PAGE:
Ode to Spring
“Spring has sprung,
The Grass has riz,
I wonder where the flowers is?
The little bird is on the wing,
But that’s absurd!
Because the wing is on the bird!”
— A ditty by Unknown
It will be near 70 degrees tomorrow. That’s 21 in Celsius, by the way. Weather just doesn’t get nicer than this.
This is it. We wait for it all year. We dream of it while we shovel tons of snow and wash the residue of salt from our car’s under-body.
We yearn for it through mud season while mopping the mess off the floors. Will winter never end? Will spring never come?
I wonder where the flowers is?
At the peak of my child-raising years, I lost my voice. I went hoarse and stayed hoarse for months.
When finally I realized it wasn’t a sinus problem or a lingering virus of some kind, I went to a throat specialist.
“You have children?” he asked.
“You yell at children?” He was Russian, so imagine his accent, please.
“You maybe fight with husband?” We would soon be divorced.
“Um, kind of.”
“No more yelling. You must not yell. Not at children. Not at husband.”
“Yelling? That’s the problem?”
“Yelling is problem,” he agreed. “You must whisper only. No yelling. For one year, also not talking. S-h-h-h. Like this,” he said, demonstrating a loud whisper.
I had a full-time job, a son, two step-children and a crumbling marriage … and I was supposed to whisper for a whole year? If I wanted my voice back, that was the only way.
It didn’t happen. I’m not sure I could ever have disciplined myself to whisper for a year at any time in my life, but definitely not then. As a result, my singing voice never came back. I lost it for good and all. I can speak normally, but I can’t sing. I also can’t yell. One yell and I’m hoarse for a month.
Don’t yell. It’s very bad for your voice.
This week’s topic is alleys, driveways, parking lots, and dirt. I have new material for this and a lot of archival pictures that apply. So many, in fact, that I’m going to have to restrain my enthusiasm.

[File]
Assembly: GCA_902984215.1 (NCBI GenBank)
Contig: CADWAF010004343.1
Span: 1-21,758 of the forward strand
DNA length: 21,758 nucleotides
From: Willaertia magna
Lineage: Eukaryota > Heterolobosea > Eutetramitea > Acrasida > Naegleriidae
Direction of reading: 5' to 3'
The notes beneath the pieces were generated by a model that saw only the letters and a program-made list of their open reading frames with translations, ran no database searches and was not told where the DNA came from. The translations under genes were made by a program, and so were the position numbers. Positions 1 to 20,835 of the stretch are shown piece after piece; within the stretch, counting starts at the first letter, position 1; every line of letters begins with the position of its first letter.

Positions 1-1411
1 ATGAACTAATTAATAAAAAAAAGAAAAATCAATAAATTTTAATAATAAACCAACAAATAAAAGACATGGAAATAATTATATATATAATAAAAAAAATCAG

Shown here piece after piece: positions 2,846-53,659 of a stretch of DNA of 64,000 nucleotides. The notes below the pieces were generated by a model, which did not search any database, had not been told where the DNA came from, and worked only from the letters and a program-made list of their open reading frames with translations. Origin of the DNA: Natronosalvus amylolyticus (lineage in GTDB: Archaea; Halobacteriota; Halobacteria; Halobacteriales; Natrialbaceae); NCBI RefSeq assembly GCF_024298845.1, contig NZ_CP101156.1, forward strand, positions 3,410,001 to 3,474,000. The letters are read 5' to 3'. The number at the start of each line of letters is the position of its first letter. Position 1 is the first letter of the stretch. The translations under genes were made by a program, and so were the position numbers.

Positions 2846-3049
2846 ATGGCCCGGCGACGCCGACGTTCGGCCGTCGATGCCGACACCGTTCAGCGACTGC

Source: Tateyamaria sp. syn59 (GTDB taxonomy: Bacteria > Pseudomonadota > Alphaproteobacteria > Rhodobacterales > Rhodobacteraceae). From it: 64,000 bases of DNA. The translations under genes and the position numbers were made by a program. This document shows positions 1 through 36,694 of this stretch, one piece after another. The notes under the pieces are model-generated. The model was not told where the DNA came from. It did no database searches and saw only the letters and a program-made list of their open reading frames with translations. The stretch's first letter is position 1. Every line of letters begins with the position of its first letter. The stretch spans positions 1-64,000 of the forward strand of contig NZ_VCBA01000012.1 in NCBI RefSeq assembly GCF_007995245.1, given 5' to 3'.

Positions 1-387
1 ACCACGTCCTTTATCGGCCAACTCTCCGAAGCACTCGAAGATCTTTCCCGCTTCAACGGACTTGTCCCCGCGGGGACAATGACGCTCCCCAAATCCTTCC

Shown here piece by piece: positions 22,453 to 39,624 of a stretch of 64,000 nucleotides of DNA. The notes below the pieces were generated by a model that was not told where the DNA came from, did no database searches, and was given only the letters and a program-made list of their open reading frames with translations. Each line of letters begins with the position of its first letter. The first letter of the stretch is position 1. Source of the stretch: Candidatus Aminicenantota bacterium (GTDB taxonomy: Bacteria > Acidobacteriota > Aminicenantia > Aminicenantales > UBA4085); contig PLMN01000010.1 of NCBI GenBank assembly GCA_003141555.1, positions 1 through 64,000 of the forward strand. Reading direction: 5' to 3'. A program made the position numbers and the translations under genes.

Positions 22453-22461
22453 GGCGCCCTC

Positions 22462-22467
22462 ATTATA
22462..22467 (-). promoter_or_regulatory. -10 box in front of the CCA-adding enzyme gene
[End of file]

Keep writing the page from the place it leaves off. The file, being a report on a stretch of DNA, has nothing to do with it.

Arizona desert road – Garry Armstrong, photographer
Our driveway, looking down from the street
Handicapped parking at the medical building
Alley behind the Massachusetts Statehouse in Boston
Our path through the woods
Down by the sawmill
11 When I was a child, I spoke as a child, I understood as a child, I thought as a child; but when I became a man, I put away childish things.
12 For now we see as in a mirror darkly, but then face to face. Now I know in part, but then I shall know just as I too am known.
I’m not usually big on quoting the bible, but sometimes — and this is one of those times — no place says it better.
I was an “old” child. When I was very young, I talked like a much older person. I read “adult person” literature and thought of myself as very mature. I wasn’t. I was intellectually precocious, but still a child. Who used big words and almost understood many adult things.
Almost. There are a whole lot of things that simply don’t make sense until you’ve lived a life. Reading about life isn’t living it. A child, no matter how smart, is never more mature than his or her years and experience. That’s perspective.
Perspective isn’t static. At 10, you see things through 10-year-old eyes. As years and decades roll on, you see the same things differently, sometimes extremely so. Perhaps you really do see through a glass darkly. Or you should. If decades of living don’t change your perspective, something is wrong — with you or the life you’ve lived. We are supposed to change. The only things that don’t change are dead.
I hear people my age or even younger saying “Well, that’s the way I am. I’m not going to change.”
There’s a terrible finality in that statement. A sad finality, like a eulogy for “self.”
Someday, I’ll be too old or sick for change. The end comes to everyone. But until then, I hope my perspective keeps changing. I hope I revise my opinions often and contradict myself frequently.